There are many kinds of skin conditions, but none may be as misunderstood as molluscum contagiosum. While the virus is benign, the small, round, firm bumps all over the skin can cause alarm, especially when you see it on your child. Although this is a common childhood virus, many parents know little about it. Below are some important things to know.
What Is Molluscum Contagiosum?
Molluscum contagiosum is a common disease of childhood. The disease also occurs in healthy adolescents and adults, often as a participation in contact sports. Molluscum is a viral infection caused by a virus called poxvirus. The poxvirus is in the same family as smallpox. The virus causes a chronic, localized infection, consisting of flesh-colored, dome-shaped bumps on the skin of an infected individual. These virus stays in the body different amounts of time for different people, but the bumps can last for months or years.
Molluscum Contagiosum Causes
Molluscum contagiosum is spread by direct skin-to-skin contact and can occur anywhere on the body. The virus can be transmitted from one part of the body to another by scratching or touching a bump. For example, if the bumps develop on your face, shaving may spread the virus. Infection can also be spread on bath sponges or towels or through skin contact, during participation in contact sports, for instance. If you or your child has been in contact with the virus it can take from two to seven weeks before you may see symptoms.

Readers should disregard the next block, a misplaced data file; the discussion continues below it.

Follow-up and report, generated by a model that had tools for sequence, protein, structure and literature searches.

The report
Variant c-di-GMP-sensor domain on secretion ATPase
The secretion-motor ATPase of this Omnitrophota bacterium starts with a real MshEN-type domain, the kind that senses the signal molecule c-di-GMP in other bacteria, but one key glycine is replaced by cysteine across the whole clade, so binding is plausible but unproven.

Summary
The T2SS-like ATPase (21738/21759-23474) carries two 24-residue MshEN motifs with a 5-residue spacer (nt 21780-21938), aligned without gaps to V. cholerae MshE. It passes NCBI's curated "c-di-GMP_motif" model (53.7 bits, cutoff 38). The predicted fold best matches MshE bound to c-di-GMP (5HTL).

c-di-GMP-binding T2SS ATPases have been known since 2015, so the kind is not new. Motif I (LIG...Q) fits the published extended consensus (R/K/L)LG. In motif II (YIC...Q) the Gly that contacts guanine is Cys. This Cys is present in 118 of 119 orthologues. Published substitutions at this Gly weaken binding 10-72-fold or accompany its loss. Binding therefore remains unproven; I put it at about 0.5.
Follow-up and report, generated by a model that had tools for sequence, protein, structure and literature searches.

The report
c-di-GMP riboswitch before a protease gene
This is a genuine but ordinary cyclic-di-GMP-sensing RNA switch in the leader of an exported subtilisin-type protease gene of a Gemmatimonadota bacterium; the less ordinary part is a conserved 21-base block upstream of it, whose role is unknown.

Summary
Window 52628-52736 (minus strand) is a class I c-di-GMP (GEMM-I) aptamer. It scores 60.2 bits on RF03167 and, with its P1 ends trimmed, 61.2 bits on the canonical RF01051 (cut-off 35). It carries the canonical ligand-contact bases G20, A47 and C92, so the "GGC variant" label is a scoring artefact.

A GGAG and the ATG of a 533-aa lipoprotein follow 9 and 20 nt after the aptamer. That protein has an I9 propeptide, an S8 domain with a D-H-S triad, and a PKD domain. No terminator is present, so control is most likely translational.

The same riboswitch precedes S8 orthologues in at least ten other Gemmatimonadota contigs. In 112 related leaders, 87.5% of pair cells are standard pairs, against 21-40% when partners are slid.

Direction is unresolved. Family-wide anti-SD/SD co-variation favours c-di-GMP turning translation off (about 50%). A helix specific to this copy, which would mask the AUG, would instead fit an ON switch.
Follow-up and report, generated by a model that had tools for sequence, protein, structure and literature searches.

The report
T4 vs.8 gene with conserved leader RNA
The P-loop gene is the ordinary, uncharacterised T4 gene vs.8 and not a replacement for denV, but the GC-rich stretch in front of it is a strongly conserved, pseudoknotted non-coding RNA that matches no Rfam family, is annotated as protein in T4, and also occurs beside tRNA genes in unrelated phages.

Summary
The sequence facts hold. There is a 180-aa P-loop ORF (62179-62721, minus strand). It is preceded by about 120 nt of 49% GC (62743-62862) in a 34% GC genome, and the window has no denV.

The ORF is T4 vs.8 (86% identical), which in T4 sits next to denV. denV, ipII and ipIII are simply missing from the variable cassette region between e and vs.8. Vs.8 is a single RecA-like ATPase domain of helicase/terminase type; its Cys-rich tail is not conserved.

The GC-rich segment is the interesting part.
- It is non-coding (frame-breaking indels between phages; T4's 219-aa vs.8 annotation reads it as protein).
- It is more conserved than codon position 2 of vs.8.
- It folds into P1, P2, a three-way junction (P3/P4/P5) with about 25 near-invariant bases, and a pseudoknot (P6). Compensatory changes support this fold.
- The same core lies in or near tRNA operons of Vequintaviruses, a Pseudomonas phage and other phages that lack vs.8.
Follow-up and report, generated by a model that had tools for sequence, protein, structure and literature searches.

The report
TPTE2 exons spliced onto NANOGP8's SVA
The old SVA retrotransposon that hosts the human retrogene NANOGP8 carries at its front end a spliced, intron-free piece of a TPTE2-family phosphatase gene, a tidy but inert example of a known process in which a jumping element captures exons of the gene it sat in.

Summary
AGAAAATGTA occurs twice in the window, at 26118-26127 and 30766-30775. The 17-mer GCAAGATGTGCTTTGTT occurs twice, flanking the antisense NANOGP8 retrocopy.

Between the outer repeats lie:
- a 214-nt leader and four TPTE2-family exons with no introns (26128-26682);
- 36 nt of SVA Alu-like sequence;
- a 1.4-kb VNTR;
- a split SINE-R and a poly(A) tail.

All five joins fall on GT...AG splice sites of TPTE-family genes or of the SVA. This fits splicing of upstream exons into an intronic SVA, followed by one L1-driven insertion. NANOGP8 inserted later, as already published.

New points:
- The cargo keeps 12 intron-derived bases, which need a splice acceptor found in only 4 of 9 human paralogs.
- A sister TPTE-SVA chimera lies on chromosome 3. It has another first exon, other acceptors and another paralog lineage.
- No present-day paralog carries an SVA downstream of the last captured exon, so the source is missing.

Molluscum Contagiosum Treatment
Treatment is usually with liquid nitrogen or a chemical called cantharidin. However, treatment is most often unnecessary if you have a health immune system. The bumps will fade. Treatment is usually necessary if you have the following:
- Lesions are large and located on your face and neck
- An existing skin disease such as atopic dermatitis
- Serious concerns about spreading the virus
A successful treatment of the virus includes limit spreading to other sites on the body, reducing the risk of transmission to others, stopping the severe itching when present, and the prevention of scarring that can result from bumps that become inflamed, traumatized, or secondarily infected.
If the bumps last longer than a few days, a doctor should examine the molluscum bumps. At Advanced Dermatology care, dermatologists specialize in all skin care needs in general medical, surgical and cosmetic dermatology including skin cancer, acne, eczema, warts, moles, fungal nail infections, rashes and scars. Our offices are located in the Fairfield County, CT towns of Danbury, Norwalk and Ridgefield.